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Honors Project Prep: Carolyn Forché, “The Country Between Us”

May 1, 2014

Next school year (2014-15), I will be working on a senior honors project: a collection of politically-oriented poetry.  My goal will be to use verse forms to explore the current state of American political life, while also offering potential solutions to our current ills.  I plan to spend the summer researching both current American politics and current political poetry–and writing poems, of course.

Normally, I would consider this yet-another obstacle to blogging, but it might represent an opportunity.  I’ll be doing a lot of reading, and it may be difficult to keep track of.  So perhaps using this space as a notebook, like the darn title suggests, could be helpful.  Besides, I enjoy talking about books regardless.

I might include all sorts of writing here: poetry collections, nonfiction books, essays, Supreme Court decisions, whatever relates to political writing.  (If you want to know what I’m reading currently, my Goodreads profile is here.)  I don’t expect especially profound thoughts, just observations and comments.

Without further ado, let’s talk about Carolyn Forché.

First, some backstory: my current professor for poetry workshop (who, not coincidentally, is my thesis adviser) lent me a copy of Forché’s 1982 collection The Country Between Us for an individual reading assignment.  I finished it yesterday, so I might as well talk about it now.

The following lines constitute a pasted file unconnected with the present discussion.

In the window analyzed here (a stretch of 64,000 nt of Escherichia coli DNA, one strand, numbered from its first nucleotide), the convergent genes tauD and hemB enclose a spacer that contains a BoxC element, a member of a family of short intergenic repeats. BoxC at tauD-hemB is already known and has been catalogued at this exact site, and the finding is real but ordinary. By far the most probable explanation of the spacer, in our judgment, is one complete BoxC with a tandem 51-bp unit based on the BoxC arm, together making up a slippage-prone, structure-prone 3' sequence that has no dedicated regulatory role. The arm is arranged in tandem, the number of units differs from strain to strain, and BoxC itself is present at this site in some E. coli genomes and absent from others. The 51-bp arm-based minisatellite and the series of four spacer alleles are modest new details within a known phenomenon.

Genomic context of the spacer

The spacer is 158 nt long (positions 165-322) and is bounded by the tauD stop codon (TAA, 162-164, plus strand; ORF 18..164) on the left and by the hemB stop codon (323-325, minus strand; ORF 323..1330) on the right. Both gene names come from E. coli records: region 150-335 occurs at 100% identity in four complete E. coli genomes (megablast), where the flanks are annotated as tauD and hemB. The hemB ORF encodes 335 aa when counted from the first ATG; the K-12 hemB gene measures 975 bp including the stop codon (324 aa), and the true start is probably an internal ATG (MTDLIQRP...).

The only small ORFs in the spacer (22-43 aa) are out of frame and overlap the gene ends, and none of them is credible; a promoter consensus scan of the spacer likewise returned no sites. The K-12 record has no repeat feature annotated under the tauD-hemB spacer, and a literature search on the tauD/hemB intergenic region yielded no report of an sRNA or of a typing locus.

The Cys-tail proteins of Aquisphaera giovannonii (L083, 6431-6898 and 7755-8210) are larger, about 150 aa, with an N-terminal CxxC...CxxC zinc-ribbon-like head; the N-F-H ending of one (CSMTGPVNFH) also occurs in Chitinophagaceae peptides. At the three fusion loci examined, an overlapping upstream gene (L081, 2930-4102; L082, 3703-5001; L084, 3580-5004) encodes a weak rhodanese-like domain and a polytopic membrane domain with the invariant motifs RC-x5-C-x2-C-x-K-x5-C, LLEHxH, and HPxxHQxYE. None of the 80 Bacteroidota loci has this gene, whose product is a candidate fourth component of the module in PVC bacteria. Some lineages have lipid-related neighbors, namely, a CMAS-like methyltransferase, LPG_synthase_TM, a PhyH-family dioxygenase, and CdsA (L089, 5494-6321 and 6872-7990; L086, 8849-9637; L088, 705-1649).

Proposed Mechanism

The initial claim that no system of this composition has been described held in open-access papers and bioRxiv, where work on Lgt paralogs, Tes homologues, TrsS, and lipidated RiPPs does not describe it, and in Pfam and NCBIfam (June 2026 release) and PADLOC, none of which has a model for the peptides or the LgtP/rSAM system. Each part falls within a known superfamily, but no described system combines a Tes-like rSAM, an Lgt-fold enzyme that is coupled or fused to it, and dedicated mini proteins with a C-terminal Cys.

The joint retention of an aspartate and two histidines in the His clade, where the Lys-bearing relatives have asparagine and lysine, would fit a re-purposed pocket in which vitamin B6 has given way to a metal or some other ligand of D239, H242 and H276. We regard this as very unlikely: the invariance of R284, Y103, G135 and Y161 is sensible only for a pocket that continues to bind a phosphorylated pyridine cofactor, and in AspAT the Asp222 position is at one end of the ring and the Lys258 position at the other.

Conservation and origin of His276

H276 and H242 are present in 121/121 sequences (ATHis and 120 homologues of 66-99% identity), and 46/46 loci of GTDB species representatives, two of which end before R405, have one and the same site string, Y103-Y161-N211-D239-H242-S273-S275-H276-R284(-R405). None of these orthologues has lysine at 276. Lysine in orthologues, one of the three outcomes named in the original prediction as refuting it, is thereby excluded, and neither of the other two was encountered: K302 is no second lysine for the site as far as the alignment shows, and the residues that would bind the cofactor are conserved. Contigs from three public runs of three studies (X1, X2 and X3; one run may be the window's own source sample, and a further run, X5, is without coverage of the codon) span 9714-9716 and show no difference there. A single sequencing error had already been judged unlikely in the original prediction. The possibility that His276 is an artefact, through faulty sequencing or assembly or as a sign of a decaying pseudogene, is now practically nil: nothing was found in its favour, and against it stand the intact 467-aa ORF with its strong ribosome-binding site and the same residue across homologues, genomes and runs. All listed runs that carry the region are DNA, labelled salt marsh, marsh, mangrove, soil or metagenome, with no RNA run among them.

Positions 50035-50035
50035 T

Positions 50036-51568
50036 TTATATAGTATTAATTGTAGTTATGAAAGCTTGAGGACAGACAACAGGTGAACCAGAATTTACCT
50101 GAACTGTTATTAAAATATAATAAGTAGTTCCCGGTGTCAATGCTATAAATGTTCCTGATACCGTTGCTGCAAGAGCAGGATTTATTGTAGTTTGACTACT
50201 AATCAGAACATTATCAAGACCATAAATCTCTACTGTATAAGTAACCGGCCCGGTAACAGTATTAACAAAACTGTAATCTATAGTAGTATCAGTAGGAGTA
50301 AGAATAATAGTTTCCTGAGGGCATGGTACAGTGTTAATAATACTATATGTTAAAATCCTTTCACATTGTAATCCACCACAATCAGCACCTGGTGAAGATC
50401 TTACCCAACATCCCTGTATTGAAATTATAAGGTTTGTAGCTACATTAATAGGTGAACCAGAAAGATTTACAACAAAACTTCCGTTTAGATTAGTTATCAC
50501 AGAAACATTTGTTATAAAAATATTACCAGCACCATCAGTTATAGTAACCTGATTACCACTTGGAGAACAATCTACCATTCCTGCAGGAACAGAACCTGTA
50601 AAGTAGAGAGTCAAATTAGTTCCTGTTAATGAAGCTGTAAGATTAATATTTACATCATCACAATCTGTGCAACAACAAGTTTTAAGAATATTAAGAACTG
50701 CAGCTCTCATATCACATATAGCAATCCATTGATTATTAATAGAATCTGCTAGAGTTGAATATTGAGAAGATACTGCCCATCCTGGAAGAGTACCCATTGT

Forché’s poems are not, by and large, political in the sense of advocacy.  Instead, she uses poetry to describe society in all it’s grimy, dust-ridden beauty.  Frequently these setting a told from the point-of-view of outsiders.  In “San Onofre, California,” the first poem in the book, the speak imagines life across the border: “Portillo scratching his name / on the walls, the slender ribbons / of piss, children patting the mud” (lines 4-6).  Other poems feature American speaker confronting Europe, as if updating a Henry James novel.

One of the decidedly “political” poems in one I had before: “The Colonel.”  A prose poem, “The Colonel” takes place at a dinner engagement with a Salvadoran military leader.  Through unadorned, almost droning sentences, Forché slowly shows the brutality of the colonel.  She juxtaposes the finery of the dinner table with his instruments of torture and sack of human ears.  When the colonel pronounces, “As for the rights of anyone, tell your people they can go fuck themselves,” there’s no mistaking Forché support for human rights (20-22).

Still, I think the scene descriptions are what I most admire.  Her longer explorations of life in the streets, along with our mental pictures of it, remind me of Larry Levis, one of my new favorite writers (who, fittingly, has a review quoted on the back cover.)  It’s a style I’m not sure I can emulate, as it’s formally not my strong-suit, but I nonetheless have great respect for it.

That’s all for now.  Now go read it already!

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